Professionals and Amateurs Together

Shellac Shelf Life


What is the expected shelf life of shellac when you mix it from flakes? Does the pound cut make a difference on shelf life or storage temperature?—Anonymous


Elliot Savitsky replies: There are plenty of opinions on the shelf life of shellac, whether you are talking about flakes or flakes dissolved in alcohol. Even if shellac flakes are stored in a cool, dark and dry place, but older than 2 years, it may not dissolve completely in alcohol overnight when compared to fresh stock. I have not experienced that problem, but it’s always best to test out your flakes before committing to a new project. When applied, it may be sticky and slow drying. If used for French polishing, more than the usual amount of oil will be required for lubrication.

Once dissolved in alcohol, shellac can last anywhere from six months to a year and a half. Since I use it frequently for wash coats and do not mix any more than a 2 lb. cut in 1 cup of alcohol, I don’t really approach those limits. I generally can use up my supply within a six month period and my recommendation is not to make any more than you can use during a six month period, keeping it stored in a dark, cool location between 65°F and 70°F. The best way to test the condition of your solution is to put a few drops of shellac on the top of the can of denatured alcohol and let it sit for several hours or overnight. If it’s dry to the touch and you can sand it the next day, it’s good to use.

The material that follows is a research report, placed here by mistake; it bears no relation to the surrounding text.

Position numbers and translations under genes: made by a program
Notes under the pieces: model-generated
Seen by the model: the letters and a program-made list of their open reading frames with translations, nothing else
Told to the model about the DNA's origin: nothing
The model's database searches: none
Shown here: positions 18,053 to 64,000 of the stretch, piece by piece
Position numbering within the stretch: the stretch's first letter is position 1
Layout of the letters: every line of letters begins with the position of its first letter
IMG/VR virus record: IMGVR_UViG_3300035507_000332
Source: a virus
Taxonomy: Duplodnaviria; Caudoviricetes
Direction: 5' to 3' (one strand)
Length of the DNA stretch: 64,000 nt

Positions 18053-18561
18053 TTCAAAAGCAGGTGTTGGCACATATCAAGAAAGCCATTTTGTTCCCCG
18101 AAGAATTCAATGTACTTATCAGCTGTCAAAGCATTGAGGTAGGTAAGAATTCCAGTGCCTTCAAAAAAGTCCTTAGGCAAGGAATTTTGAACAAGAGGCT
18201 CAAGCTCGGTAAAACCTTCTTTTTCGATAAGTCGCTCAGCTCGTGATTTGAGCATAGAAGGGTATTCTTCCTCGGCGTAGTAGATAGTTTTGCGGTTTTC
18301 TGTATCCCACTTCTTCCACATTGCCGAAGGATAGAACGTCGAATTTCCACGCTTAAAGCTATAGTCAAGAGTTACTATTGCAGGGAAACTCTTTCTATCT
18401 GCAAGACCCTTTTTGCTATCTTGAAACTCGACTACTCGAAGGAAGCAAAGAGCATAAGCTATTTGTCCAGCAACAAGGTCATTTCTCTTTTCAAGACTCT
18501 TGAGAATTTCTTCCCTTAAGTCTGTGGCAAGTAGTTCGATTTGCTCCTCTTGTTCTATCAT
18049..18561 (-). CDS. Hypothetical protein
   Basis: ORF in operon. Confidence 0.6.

Bob Couch replies: They generally say two to three years if stored in a cool dark place, but I would lean closer to two years. The great thing about flakes is that you only need to mix up what you need to use in the short-term. I use quite a lot of Zinsser, mostly Sealcoat or Amber and I write the purchase date and open dates on the lid. I buy it in quarts from a local paint and wallpaper store where I know it’s fresher. I also use a shot of Bloxygen in all my finishes when I’m sealing up the can. It’s really just an Argon gas mixture that displaces the oxygen at the surface of the remaining finish in the can. This extends the life of the material and I’m usually able to fully use a can without waste.

The real test of the condition of any shellac is to apply it to a test piece and give it two to four hours of drying time at the proper temperature and humidity, then try to sand it with 220. If it sands to a nice white powder, it’s still good. If it gums up the paper, it should be replaced. You can also pour off what you need for that application and add a few drops of Japan Dryer to the shellac for each application. This will help you get a little longer life out of an older can or mix.

Tags: Finishing